Screening medical tests- desirable or distracting-updated

To make an intelligent decision about your own screening, you need a physician who reviews your past and current medical history, your family history, and your health goals.

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This post has been updated June 11, 2021

Both doctors and patients have mixed emotions about diagnostic tests done to screen for disease. We physicians want to help patients stay healthy, prevent disease, and treat problems early and effectively.But the time spent counselling, ordering, performing, and reviewing these tests means less time available to manage patients’existing medical problems.

I agree with Dr. William Zinn, family physician in Boston, who wrote

“Keeping track of the ever-increasing health maintenance requirements and cancer screening sometimes make it hard to remember why the patient came to the office in the first place.”

JAMA, January 7, 2020

For patients the issues are similar. While they want to stay healthy, prevent disease, and get treated promptly, they don’t like the inconvenience, time away from work, cost, and sometimes discomfort the tests require.

What are screening tests?

A screening medical test is done to uncover a disease or disorder in a person who may or may not be a risk for it and who otherwise feels well and has a normal exam. Suppose we are considering screening a group of people for disease X. Let’s start by dividing them into 3 groups.

  • Those with no symptoms, feel fine, at average risk of health condition X.
  • Those with no symptoms, feel fine, at increased or high risk of condition X.
  • Those who have symptoms suggestive of condition X, or have had other testing that suggests they might have it

Screening for X in groups 1 and 2 might be appropriate, based on medical guidelines, physician judgement, and patient preference. For group 3, with symptoms of condition X, testing would be considered diagnostic; a doctor would test for X, and possibly other conditions that the symptoms suggest.

Diagnostic vs Screening

That might seem like a picky difference, but there are several implications for both doctors and patients.

Documentation- The medical record needs to reflect accurately why a test is being ordered and done. This is necessary for billing because inaccurate coding can make doctors and clinics liable for fraud. Also, the government and other payers are starting to judge doctors’ quality of care based on medical record audits of care given or not given, and why.

Interpretation and Follow up-A test is rarely interpreted in isolation. The history and exam together with the test lead to a diagnosis.

Reimbursement– Most if not all insurances, including Medicare, reimburse differently based on whether a test is diagnostic or screening. And this usually determines how much the patient pays for each. Screening tests are usually covered 100% while diagnostic testing may require a deductible or copay .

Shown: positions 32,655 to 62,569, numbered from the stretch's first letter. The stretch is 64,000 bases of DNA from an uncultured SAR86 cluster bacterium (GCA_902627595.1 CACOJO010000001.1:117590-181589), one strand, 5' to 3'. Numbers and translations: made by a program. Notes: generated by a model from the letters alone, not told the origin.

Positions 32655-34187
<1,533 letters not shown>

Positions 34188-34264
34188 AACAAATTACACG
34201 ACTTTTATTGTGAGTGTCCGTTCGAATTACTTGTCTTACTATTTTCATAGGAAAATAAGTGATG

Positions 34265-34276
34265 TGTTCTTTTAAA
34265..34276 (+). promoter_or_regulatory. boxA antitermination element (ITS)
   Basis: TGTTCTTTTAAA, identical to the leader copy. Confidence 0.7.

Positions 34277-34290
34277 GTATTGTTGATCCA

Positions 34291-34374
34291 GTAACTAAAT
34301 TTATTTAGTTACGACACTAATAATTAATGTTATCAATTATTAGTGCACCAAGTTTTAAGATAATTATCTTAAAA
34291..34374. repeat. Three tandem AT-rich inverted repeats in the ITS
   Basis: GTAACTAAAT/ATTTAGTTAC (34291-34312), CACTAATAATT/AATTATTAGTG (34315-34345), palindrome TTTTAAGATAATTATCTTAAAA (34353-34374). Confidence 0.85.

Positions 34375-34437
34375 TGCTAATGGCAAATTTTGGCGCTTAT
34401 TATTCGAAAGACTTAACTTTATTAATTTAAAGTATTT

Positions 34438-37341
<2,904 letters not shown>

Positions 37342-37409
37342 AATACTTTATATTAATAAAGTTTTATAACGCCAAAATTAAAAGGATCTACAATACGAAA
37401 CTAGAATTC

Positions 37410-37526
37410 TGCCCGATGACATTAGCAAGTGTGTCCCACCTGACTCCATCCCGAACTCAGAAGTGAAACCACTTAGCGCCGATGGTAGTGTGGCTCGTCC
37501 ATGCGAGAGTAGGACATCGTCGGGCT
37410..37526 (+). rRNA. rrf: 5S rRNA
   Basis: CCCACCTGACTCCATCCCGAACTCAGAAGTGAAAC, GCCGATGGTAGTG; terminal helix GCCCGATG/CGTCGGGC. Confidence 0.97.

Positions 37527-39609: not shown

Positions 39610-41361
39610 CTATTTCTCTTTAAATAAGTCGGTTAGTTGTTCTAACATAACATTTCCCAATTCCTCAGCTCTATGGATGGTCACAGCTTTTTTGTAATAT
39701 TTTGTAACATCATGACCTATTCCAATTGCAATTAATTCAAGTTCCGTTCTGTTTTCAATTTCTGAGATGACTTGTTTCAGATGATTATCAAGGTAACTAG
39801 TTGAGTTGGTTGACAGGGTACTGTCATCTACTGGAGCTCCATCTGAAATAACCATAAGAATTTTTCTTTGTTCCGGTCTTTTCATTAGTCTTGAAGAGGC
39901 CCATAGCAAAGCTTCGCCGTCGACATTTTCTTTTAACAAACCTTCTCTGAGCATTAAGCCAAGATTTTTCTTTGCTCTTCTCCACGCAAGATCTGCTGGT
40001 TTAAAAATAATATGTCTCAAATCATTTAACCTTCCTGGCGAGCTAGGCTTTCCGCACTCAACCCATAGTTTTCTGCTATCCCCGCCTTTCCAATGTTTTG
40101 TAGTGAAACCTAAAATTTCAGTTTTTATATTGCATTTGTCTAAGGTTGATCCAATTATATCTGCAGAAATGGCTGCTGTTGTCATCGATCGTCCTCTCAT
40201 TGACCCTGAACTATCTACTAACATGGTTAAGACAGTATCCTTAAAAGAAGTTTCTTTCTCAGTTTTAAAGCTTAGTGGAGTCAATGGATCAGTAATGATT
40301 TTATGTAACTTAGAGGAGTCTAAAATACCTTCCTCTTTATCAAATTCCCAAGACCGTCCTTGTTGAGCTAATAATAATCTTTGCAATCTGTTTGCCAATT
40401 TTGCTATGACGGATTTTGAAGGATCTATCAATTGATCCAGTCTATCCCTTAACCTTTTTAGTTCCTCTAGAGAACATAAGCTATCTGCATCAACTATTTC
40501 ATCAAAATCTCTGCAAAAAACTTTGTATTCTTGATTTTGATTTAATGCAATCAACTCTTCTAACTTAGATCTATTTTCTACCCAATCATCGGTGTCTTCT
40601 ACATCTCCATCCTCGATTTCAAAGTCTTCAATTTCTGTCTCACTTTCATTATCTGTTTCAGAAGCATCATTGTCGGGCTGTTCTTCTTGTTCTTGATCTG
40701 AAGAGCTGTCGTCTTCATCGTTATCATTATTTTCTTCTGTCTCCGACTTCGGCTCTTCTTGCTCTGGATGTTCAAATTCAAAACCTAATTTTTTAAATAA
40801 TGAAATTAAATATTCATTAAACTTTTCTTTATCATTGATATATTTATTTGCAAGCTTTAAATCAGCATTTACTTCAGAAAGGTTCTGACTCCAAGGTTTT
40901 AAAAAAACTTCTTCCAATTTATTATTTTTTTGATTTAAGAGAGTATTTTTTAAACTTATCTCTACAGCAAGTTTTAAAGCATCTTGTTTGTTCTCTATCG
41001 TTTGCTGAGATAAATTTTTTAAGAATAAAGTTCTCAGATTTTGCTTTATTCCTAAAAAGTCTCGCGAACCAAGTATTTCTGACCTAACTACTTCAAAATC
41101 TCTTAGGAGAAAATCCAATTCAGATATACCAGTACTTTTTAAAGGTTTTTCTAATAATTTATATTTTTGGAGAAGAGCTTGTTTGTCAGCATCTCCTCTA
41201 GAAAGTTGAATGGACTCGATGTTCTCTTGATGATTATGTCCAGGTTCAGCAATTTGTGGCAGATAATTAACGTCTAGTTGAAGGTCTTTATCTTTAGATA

A Country Doctor Writes blog explains this dilemma in detail –

But because in the inscrutable wisdom of the Obama Affordable Care Act, it was decided that screening colonoscopies done on people with no symptoms whatsoever are a freebie, whereas colonoscopies done when patients have symptoms of colon cancer are subject to severe financial penalties.

read more at this link

This link at helps explain

Health Insurance: Understanding What It Covers

Cervical cancer screening frequency also now takes into account a woman’s HPV, human papilloma virus, status. Go here to learn

When should a woman begin cervical cancer screening, and how often should she be screened?

a microscope image of a cell infected with HPV

A koilocyte is a squamous epithelial cell that has undergone structural changes as a result of infection by human papillomavirus (HPV). This image of a koilocyte shows human ectocervical cells (HEC) expressing HPV-16 E5 oncoprotein, and immortalized with HPV-16 E6 and E7 oncoproteins. Formation of koilocytes requires cooperation between HPV E5 and E6 oncoproteins. The cell culture is stained with hematoxylin and eosin (H&E).National Cancer Institute \ Georgetown Lombardi Comprehensive Cancer Center, Ewa Krawczyk, public domain

Does disease screening make a difference?

Screening tests don’t prevent disease although they may be helpful for health maintenance or improvement. They may prevent progression or complications of a disease, but don’t prevent it’s onset. They may not even prevent death from the disease, although we like to believe they do. Screening may diagnose the disease before symptoms develop, so the patient lives longer with the disease, but not affect the eventual outcome.

Doctors can now offer patients another option that is more accurate than the stool blood test and less invasive than colonoscopy.

Stool DNA testing looks for certain DNA or gene changes in cells that can get into the stool from polyps (pre-cancerous growths) or cancer cells.  It may also check for blood in the stool. For this test, people use a take-home kit to collect a stool sample and mail it to a lab. Cologuard® is the name of the stool DNA test that is currently FDA-approved. This stool test needs to be done every 3 years.